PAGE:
The rise of green Conservatives
While Conservation Works is still in its infancy (the organization doesn’t even have a website yet), Solberg is confident its message will resonate.
“[At this time next year] I’d like to see regular Canadians feel they have a voice that represents their point of view, and secondly I’d like to see Conservation and common sense conservation be a central plank in the platforms of political parties in Canada.”
The Shield, the Sword and the battle ahead
To be fair, there were still climate change skeptics and global warming deniers in attendance at the Manning Networking Conference. But their ranks were slim and voices muted among the greater discussion of expanding the Conservative 'big tent'. As Preston Manning said in his Saturday keynote address, “We need to change the climate of the environmental conversation in Canada…[because] whether we agree or not, whether it’s fair or not, the bad news is that this perceived deficiency on the environmental front has become a political and economic liability."
And the Conservatives are not here to lose.
Throughout the convention, the halls buzzed with talk of the latest National Post pollshowing that Justin Trudeau’s Liberals would beat the Conservatives handily if an election were held right now. The Manning Centre’s own 'Barometer Poll' revealed a similar result, including the surprising statistic that the majority of Canadians would rate environmental protection a higher priority than oil sands expansion. If the Conservatives want to ensure a majority victory in 2015, they need to show Canadians they can be environmental leaders and "harness a multitude of local and small-scale initiatives to the task – the “little platoons” of civil society”.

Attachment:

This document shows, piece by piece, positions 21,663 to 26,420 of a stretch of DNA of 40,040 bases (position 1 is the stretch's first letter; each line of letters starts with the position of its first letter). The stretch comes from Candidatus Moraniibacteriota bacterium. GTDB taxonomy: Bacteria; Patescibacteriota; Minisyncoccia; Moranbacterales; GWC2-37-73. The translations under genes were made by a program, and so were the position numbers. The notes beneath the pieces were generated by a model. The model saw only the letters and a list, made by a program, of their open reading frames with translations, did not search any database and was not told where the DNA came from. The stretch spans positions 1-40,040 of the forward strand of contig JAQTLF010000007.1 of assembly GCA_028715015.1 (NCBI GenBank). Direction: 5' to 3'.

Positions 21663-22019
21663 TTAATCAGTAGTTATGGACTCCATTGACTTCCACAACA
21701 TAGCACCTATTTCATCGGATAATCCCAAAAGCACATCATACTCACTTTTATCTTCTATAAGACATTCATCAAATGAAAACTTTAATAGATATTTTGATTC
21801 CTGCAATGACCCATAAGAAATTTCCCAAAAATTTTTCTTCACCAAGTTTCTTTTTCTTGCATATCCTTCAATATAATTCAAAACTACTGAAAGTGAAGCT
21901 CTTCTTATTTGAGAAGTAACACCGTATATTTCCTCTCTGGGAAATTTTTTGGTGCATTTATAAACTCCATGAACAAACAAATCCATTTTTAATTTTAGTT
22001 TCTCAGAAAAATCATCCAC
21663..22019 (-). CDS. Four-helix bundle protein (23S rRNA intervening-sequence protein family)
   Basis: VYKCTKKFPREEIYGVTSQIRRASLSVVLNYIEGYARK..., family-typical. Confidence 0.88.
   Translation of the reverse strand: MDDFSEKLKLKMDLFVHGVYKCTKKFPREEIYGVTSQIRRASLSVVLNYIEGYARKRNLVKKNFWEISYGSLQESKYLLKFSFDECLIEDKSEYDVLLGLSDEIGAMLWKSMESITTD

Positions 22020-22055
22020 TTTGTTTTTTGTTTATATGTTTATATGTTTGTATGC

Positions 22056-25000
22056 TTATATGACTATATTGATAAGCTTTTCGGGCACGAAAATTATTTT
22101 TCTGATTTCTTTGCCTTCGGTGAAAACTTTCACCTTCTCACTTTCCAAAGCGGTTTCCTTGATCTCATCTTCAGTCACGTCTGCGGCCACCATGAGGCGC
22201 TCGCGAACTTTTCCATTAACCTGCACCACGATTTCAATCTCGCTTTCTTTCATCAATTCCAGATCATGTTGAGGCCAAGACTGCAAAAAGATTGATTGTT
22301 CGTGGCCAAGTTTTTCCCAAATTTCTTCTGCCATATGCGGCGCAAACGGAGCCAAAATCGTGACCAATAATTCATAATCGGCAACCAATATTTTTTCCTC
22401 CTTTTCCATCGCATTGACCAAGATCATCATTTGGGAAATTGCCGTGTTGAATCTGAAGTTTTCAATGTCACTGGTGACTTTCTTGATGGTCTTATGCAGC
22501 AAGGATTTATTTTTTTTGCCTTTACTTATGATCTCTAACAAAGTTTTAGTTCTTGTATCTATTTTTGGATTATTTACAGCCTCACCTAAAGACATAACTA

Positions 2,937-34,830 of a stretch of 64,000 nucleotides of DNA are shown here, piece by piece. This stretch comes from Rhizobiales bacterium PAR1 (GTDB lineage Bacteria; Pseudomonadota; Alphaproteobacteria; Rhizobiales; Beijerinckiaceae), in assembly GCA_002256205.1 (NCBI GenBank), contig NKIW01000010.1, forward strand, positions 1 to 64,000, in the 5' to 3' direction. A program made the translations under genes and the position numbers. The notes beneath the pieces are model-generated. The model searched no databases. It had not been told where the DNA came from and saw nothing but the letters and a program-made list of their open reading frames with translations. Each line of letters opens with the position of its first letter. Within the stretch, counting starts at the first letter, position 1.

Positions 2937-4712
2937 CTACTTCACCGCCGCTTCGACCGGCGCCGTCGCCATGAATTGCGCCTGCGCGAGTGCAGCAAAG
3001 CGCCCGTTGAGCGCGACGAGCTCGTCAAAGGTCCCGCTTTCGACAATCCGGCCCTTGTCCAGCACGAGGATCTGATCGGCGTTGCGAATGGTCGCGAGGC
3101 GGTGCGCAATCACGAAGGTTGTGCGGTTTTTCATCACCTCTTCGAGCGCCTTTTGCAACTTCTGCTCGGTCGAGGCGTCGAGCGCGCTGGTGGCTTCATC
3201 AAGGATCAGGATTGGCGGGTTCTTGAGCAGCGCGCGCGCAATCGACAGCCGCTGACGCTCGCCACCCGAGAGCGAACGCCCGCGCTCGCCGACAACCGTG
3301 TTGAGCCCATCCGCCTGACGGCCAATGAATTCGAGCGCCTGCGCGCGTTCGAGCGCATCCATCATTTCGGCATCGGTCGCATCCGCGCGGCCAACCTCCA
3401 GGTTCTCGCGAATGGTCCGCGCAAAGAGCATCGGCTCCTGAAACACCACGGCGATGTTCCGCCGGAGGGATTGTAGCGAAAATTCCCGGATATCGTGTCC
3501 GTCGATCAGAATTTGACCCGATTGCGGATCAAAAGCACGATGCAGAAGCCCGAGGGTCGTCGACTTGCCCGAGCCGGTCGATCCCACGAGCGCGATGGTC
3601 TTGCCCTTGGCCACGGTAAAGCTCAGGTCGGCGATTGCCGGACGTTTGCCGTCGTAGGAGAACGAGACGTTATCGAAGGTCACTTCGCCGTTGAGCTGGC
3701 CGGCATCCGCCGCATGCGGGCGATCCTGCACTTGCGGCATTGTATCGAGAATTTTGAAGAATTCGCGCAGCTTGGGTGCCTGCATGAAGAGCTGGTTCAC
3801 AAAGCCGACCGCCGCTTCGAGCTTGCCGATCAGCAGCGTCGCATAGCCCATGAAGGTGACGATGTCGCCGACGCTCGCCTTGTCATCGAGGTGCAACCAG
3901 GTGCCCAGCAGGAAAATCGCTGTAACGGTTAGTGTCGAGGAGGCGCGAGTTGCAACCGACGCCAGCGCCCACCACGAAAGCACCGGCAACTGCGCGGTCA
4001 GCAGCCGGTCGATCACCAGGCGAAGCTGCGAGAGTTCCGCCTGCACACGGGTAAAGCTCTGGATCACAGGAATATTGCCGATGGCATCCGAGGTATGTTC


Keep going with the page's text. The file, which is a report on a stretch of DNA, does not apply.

It’s a place where Manning feels Conservatives can hold the moral high ground, particularly at the federal level.
“Conservative political strategists and policy makers need no longer treat the environment as a “shield issue” as we have in the past, but begin to treat is as a “sword issue” on which we can take a positive and proactive approaches to selling community and market-based solutions to environmental challenges.”
The final speaker of the convention is British politician and YouTube celebrity Nigel Farage. He mugs and crows his way through a bold denial of the existence of global warming, delivering a 'fact' I first heard from Lord Moncton when he was posing as the delegate from Myanmar at the UN climate talks in Doha, Qatar. The assertion that the planet has not warmed since 1990 is as far from the truth as Master Farage wishes to be from the Eurozone.
Still, as he says it, I hear someone to my left start applauding as Farage lays down the hammer on the green agenda. They managed only three brief claps before realizing the room was otherwise silent.
It’s a small moment, but with everything I’ve seen this weekend, it feels like a sign. And somewhere in downtown Toronto, a certain TV personality frowns.